pistolsmithing

Discussion in '1911 Gunsmithing' started by army_inc, Nov 8, 2011.

  1. army_inc

    army_inc New Member

    14
    Nov 7, 2011
    Hey Guys,
    I've noticed there are a lot of pistolsmiths here on the forum. I'm looking at becoming a pistolsmith here in the near future and was wondering if there are any "classes" that one could take before becoming an apprentice under a local gunsmith? I'd like to mainly work on 1911's just because I like them. I know I won't learn everything from a general gunsmith, but I can learn a lot hopefully. I just don't know any pistolsmiths in my area. I'd like to be a pistolsmith and engraver. Any good ways to get an "education" for this? Thanks.
     
  2. EdS

    EdS Member

    311
    Sep 21, 2011

  3. CMG

    CMG Member

    835
    Aug 20, 2011
  4. 50GI-Jess

    50GI-Jess Member

    497
    Aug 24, 2011
    @Armyinc.
    Basic knowledge is good, however most high end 1911 custom shops, take new folks in right from the street with no prior training. They like to train them their way, and don't have to tell them, this is how we do things around here.
    It boils down to the individuals interest and energy for a new trade. There's nothing more irritating, than trying to teach someone a specific task, when they think they already know it all, if you know what i mean.
    Often times, you should expect an entry level position. Which could consist of parts finishing, prepping complete guns for finish, refining filing skills by dehorning, test shooting or installing sights etc.
     
  5. pistolwretch

    pistolwretch Dremel jockey Supporting Addict

    Aug 26, 2011
    The Rodgers pistolsmithing class can't be beat!
    It would give you a real indication if 1911 work is up your alley.
    Plus you will learn a TON and leave with a custom pistol valued at several thousand dollars.
     
  6. lsbbigdog

    lsbbigdog Smiffin' ain't easy Sponsor

    Aug 21, 2011
    I was lucky enough to friend an older guy who is a LGS smith who LOVE'S 1911's and he learned from another and is paid it forward to me.He also has a small home shop around the corner from my house but I would have drop an hour to his place to learn. I have learned a ton from him ,but also figured out a lot on my own and still learning. I think you have to be very detail oriented and be very good with your hands. Being a contractor specializing in finish work for almost 15 years has been a huge asset for me in this field.
     
    Last edited: Nov 10, 2011
  7. AlchemyCustomWeaponry

    AlchemyCustomWeaponry Crabby Old Gunsmith

    Nov 4, 2011
    This is the best response here. This is exactly the way it is at LBC. He hires 20 year olds off the street that have never had a file in their hand and trains them to do it "his way". As if he's worked on a gun in 30 years.

     
  8. Greg Derr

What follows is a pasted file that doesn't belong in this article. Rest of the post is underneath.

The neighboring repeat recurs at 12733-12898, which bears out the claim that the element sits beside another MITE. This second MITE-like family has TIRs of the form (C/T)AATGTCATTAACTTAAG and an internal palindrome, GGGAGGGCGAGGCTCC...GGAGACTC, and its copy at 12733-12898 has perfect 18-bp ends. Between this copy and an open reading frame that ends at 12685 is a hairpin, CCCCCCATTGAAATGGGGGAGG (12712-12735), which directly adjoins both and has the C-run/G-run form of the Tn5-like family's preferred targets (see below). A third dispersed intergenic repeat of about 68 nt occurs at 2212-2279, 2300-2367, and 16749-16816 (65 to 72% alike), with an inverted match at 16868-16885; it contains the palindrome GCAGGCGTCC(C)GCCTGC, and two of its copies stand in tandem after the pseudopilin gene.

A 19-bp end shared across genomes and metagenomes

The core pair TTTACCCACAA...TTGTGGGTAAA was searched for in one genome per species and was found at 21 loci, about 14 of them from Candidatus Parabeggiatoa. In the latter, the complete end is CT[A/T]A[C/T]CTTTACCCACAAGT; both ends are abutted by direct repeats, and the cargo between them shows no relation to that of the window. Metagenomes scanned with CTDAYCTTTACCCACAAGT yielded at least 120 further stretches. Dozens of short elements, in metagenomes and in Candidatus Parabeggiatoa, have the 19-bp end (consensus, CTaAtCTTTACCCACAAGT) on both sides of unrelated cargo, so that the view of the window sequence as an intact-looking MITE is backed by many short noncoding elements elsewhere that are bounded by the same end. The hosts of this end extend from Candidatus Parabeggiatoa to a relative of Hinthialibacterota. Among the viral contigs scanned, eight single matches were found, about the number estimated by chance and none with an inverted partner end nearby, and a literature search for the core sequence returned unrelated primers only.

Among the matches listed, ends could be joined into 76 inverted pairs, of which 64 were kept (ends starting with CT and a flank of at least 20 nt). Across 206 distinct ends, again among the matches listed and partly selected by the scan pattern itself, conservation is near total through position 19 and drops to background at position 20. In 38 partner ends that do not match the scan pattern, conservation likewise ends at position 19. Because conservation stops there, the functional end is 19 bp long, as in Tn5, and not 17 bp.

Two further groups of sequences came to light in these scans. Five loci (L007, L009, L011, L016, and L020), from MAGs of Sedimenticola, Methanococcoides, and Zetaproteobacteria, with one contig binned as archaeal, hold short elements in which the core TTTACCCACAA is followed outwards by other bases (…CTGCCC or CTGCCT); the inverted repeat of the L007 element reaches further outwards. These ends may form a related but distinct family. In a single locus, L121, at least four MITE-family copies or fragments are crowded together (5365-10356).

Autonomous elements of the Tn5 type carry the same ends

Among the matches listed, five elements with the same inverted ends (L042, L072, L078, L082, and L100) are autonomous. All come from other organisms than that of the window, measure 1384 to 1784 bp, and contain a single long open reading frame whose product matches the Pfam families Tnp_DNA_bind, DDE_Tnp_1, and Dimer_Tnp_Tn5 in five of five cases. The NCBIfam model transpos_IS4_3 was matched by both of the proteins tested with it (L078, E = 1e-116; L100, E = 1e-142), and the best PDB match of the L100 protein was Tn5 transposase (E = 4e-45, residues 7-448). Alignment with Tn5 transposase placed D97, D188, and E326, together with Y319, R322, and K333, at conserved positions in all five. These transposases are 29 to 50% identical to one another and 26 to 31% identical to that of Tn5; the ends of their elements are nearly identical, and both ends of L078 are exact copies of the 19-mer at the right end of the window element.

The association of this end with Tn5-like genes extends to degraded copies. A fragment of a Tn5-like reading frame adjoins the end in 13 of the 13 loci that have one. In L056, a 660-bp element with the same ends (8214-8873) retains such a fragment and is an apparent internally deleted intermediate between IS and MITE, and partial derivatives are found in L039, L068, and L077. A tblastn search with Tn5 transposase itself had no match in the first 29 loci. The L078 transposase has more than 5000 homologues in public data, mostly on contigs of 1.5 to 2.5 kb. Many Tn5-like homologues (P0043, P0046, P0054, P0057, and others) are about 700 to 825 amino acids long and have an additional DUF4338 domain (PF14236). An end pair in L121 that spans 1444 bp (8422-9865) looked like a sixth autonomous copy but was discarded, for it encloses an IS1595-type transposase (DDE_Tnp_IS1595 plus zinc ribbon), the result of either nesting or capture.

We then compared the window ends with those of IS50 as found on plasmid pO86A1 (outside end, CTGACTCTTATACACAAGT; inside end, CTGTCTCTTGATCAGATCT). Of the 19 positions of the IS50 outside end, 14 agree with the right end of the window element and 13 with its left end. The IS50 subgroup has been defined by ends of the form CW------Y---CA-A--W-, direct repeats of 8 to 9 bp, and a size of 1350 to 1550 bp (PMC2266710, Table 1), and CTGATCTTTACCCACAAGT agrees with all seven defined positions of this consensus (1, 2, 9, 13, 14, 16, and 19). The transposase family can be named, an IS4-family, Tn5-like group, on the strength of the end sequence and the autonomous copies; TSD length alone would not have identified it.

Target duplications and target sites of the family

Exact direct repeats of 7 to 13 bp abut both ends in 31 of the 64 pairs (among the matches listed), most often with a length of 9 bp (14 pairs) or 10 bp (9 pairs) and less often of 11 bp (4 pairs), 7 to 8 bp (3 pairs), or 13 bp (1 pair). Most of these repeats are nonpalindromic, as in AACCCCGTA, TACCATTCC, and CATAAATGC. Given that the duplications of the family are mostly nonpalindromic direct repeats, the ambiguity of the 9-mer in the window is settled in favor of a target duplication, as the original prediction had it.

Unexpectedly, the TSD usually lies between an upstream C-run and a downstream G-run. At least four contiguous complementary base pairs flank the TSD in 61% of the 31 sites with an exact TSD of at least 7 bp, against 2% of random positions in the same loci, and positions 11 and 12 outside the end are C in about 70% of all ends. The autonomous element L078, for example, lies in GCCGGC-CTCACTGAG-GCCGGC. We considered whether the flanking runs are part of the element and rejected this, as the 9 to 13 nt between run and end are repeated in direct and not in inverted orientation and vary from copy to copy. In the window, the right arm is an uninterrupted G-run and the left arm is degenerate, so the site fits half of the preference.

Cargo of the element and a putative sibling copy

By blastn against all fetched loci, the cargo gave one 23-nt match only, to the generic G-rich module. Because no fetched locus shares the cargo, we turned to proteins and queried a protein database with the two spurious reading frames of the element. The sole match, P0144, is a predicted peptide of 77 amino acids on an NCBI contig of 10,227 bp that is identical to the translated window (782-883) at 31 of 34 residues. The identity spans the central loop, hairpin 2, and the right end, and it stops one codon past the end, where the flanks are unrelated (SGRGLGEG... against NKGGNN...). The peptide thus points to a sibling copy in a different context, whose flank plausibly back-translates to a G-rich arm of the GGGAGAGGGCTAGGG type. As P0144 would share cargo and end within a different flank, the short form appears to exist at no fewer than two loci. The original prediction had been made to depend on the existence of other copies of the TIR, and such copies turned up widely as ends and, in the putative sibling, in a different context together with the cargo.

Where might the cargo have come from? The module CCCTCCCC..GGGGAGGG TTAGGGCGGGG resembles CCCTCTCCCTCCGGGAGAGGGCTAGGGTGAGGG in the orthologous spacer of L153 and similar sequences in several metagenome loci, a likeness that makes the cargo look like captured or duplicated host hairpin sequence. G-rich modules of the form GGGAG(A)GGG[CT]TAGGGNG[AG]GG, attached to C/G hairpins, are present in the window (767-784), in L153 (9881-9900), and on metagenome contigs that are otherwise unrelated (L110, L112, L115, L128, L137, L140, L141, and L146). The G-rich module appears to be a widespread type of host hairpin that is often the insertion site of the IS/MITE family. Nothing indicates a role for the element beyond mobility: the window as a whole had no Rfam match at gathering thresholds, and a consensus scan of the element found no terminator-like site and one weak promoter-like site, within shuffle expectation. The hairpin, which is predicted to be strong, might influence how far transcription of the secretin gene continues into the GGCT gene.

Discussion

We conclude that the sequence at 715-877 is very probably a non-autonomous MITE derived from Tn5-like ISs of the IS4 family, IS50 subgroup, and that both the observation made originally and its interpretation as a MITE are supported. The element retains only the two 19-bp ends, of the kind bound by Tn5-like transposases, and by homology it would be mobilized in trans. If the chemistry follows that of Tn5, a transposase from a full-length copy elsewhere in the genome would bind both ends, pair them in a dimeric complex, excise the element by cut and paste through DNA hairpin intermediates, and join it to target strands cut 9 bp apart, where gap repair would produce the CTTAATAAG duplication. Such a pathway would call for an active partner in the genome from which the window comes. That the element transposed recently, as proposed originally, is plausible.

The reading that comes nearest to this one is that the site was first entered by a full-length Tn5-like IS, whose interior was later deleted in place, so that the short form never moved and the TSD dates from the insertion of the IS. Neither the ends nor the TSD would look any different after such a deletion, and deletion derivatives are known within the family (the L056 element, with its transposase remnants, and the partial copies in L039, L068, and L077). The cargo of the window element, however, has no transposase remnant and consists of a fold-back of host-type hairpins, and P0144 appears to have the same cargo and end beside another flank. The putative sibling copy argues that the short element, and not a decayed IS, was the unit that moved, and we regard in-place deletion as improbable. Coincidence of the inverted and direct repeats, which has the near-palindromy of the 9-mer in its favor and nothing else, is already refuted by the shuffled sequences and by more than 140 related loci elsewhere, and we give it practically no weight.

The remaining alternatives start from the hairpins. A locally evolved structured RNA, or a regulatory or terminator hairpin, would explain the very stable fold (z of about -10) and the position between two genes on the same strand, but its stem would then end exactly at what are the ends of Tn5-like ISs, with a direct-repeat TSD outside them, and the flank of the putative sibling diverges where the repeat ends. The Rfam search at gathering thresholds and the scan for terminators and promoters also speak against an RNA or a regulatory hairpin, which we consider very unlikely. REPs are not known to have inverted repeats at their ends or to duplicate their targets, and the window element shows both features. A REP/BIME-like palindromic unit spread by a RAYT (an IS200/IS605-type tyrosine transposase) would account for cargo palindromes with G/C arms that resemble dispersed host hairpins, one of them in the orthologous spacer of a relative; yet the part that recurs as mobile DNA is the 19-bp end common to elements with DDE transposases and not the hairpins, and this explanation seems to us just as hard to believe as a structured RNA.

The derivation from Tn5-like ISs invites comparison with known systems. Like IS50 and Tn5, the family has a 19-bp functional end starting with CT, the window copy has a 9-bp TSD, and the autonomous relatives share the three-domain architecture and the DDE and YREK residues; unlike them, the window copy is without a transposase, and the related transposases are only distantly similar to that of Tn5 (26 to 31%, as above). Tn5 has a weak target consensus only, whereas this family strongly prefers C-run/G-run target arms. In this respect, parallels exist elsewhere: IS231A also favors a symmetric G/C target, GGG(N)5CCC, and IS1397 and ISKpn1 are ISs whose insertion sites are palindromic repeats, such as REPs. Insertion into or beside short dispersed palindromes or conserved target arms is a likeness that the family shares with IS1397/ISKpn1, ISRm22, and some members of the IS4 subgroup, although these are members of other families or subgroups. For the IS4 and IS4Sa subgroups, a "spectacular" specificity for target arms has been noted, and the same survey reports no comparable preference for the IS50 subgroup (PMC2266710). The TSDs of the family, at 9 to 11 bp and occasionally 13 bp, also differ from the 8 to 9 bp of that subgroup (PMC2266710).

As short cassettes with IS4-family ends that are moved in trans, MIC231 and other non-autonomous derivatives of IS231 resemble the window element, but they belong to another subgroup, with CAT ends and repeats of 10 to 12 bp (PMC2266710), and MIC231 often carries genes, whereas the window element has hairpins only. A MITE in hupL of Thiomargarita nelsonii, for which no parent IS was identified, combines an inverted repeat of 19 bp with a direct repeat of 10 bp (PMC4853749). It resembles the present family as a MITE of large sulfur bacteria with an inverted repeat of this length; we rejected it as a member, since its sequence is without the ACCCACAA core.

Greg Derr Custom Pistolsmith Supporting Addict Sponsor

    654
    Oct 3, 2011
    I would suggest another route. Since much of the quality work done to the 1911 today is one off, I spent a lot of time taking machining classes. Swapping parts and changing the color of stuff is easy, but to get into the creative and detail oriented work of a 1911 a machinist background is important. Lots of guys do things by hand, but in the end you can't make a living that was as a one man shop. Machines also offer repeatablity and precision. I worked under and old school smith for a long time and learned a lot. But it was all hand work and took too long for the end result. Most trade schools have machinst classes at night in which you can learn how to run a mill and a lathe, later learn to weld and braze. Another class I took was on how to measure, I know that sounds funny, but it is so important to the craft. Last of all - listen to Chuck,Jerry,CT,Stan,Tony,Jason,Bob,Chuck, Don and a few others. Take notes. Good luck.
     
  9. Wheezy

    Wheezy Bullet Banger Supporting Addict

    Aug 31, 2011
    This is something I read that was written by Joe Chambers and to me rings out real loud and true about the gunsmithing business and what it takes to survive in the industry.---


    "I wrote this some time ago on a forum where there were some guys asking about having a career in the firearms industry, specifically gunsmithing. It seemed to make a pretty big impact on them and from what they said it was enjoyed. Thought you all might enjoy my thoughts from that moment. Those of you that really know me know that one of the most enjoyable things for me is writing, sometimes it just flows and sometimes, like here in the past two weeks it has been tough...this was a flowing one...enjoy.

    I have a "career", if you wish to call it that, in the firearms industry. To me it is a passion.

    I own a one man shop that specializes in building custom one of a kind 1911 pistols. They are very reliable. They are very accurate. And they are not inexpensive. It is a specialty that cost me 3.5 years of 100+ hours a week to learn and still there is something new learned virtually every day. It is a specialty that cost me $40K+ in the first three months of opening my own shop just in tools and equipment, some of which was bought used of course. But every time I look over at that Webb 3VH Vertical Mill that was found in mint condition on Craigslist a smile crosses my face. It is a specialty that has me booked into the end of 2013 after having my own shop open for only a year and a half. It is a specialty that pays the bills and takes care of much more that is enjoyable to my family and me. It is a specialty that has gotten my guns on national T.V. and in several gun mags in just the first year (which is a very humbling honor by the way). It is a specialty...get the point.